Tag Archives: Kellogg School of Management
June 26, 2014
With so many elite schools either reducing the number of required essays in recent years, or getting really creative with their prompts—raise your hand if you remember Berkeley Haas‘s “If you could choose one song …
With so many elite schools either reducing the number of required essays in recent years, or getting really creative with their prompts—raise your hand if you remember Berkeley Haas‘s “If you could choose one song that expresses who you are, what is it and why?”—many applicants probably wonder just how the admissions team comes up with its MBA essay prompts each year.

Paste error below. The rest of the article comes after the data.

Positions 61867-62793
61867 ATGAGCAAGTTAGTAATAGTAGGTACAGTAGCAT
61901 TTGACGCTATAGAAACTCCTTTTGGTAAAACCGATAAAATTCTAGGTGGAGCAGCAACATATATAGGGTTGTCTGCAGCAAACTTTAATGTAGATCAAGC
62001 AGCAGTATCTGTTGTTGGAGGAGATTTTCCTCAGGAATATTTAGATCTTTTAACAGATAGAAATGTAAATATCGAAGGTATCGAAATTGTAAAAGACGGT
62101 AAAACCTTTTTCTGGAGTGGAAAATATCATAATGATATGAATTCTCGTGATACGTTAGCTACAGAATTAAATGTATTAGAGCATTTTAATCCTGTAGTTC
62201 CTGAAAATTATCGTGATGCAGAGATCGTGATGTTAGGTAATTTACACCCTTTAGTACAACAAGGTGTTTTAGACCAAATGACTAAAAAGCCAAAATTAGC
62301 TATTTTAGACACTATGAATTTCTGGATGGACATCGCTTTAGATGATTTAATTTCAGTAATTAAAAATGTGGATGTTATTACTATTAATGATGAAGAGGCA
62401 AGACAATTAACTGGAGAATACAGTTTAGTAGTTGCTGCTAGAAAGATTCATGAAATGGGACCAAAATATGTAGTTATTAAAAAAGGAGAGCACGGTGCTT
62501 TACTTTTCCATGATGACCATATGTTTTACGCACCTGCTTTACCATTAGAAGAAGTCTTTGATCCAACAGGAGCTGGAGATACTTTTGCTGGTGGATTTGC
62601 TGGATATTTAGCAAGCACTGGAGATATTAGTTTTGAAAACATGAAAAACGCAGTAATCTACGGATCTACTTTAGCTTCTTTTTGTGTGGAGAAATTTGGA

BusinessWeek attempts to quench the curiosity of inquiring minds with its story on how MBA essay questions get written.
For example, the Fuqua School of Business at Duke University asks applicants to share a list of “25 Random Things” about themselves, so that candidates get away from the tendency to overly manufacture what they think AdCom wants to hear, says Liz Riley Hargrove, associate dean for admissions at the Duke MBA program.
Coming up with 25 random things to list in this essay may seem daunting at first, but this creative exercise is certainly an opportunity to follow the admissions committee’s advice to share what makes you a dynamic, multi-dimensional person.
MIT Sloan School of Management meanwhile is throwing applicants for a loop this year by asking candidates to write an essay in the form of a professional letter of recommendation on behalf of themselves. While this is something applicants are often tempted to do, Rod Garcia, senior director of admissions at Sloan, says the idea clicked when admissions staff members had to write their own annual reviews.